Shahrour and Abu Arab later held a meeting at a military barracks in a Sidon suburb to discuss the security situation in the camp.
Shahrour also met a delegation from the Palestinian Follow-up Committee, which comprises representatives of Palestinian factions in Ain al-Hilweh. The Army official reassured camp residents that the measures were precautionary and not aimed at inconveniencing Palestinians, but instead were undertaken with the goal of protecting stability and security in Ain al-Hilweh and Lebanon. He also highlighted the importance of cooperation between Palestinian factions and military and security agencies in the country.
According to a source who attended the meeting, Shahrour also brought up a previous request by the Army to question three suspects living in the camp. They are Bahaaeddine Hujeir, who is allegedly involved in the Nov. 19 Iranian Embassy bombing, and another suspect implicated in a rocket attack on Beirut’s southern suburbs in May, as well as a third person suspected in several security incidents.
The source said that Shahrour highlighted to the delegation the importance of handing over suspects to the Army, as the situation in Lebanon was delicate and couldn’t endure any delay in these matters.
Meanwhile, Haytham al-Shaabi, the head of the Jund al-Sham Islamist group in Ain al-Hilweh, dismissed in a statement as lies media reports saying that he was among those who had sold the car used in the attack.
For his part, Sheikh Jamal Khattab, the head of an Islamist group in the camp, threatened to file a lawsuit against some media outlets for what he called “defamation and slander” of Ain al-Hilweh and the Palestinian cause.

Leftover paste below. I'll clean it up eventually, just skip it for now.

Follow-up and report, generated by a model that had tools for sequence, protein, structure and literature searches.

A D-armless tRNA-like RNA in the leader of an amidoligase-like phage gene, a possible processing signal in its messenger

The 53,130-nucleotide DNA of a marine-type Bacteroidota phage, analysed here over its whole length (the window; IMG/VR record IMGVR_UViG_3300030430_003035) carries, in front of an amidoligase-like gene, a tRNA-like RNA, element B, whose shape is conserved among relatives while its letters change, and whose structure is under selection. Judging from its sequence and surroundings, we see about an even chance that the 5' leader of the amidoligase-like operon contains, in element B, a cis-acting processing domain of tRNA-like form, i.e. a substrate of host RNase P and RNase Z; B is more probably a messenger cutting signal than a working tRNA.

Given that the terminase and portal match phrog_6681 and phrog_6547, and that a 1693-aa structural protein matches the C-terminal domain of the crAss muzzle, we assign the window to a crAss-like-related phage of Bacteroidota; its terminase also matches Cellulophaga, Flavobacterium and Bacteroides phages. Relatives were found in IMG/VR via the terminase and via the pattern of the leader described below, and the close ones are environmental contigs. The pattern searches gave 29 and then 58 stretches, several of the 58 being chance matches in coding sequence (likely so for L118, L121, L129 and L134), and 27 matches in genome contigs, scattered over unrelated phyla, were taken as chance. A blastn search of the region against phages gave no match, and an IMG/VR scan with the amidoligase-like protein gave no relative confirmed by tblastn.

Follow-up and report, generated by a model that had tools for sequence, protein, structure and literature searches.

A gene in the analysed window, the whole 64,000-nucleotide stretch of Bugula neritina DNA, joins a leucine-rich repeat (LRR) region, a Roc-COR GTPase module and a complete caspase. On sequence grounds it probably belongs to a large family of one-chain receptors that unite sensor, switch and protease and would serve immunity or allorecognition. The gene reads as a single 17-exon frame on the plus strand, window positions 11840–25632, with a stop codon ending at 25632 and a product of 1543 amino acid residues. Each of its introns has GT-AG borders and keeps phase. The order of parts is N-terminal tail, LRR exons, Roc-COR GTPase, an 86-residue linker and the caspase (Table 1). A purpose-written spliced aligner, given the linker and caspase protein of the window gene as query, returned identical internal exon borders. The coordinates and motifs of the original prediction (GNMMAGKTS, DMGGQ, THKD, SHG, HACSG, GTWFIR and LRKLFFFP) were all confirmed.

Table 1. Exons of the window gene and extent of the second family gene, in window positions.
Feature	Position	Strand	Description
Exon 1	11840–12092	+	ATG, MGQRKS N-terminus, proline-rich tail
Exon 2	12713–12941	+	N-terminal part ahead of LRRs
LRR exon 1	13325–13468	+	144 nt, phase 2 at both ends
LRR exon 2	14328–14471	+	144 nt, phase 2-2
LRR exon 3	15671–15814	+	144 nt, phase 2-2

The Army’s stepped-up measures and claims by some sources that Ain al-Hilweh sheltered terrorists angered the camp’s residents, with some blocking the road of one of its entrances with burning tires.
Former Sidon MP Osama Saad chaired a special meeting for the Lebanese-Palestinian Political Gathering at the Maarouf Saad Cultural Center in Sidon.
In a statement, the gathering condemned Shatah’s assassination, along with “reckless” accusations against Lebanese parties and regional sides of involvement in the crime before the investigation was over. March 14 officials indirectly accused Hezbollah of the assassination. The attendees also slammed claims made against Ain al-Hilweh camp.
Meanwhile, Shatah’s family received condolences Monday in his hometown, Tripoli. Caretaker Prime Minister Najib Mikati paid his respects, among others.
For his part, Progressive Socialist Party leader Walid Jumblatt said the assassination of Shatah should not stop the path of moderation, free thought and dialogue.
“Because this will contradict the principles championed by the martyr himself, and push us into the trap set by those who carried out the assassination and achieve their goals in raising the levels of extremism, tension and stirring strife,” Jumblatt said in his weekly editorial at PSP’s Al-Anbaa electronic newspaper.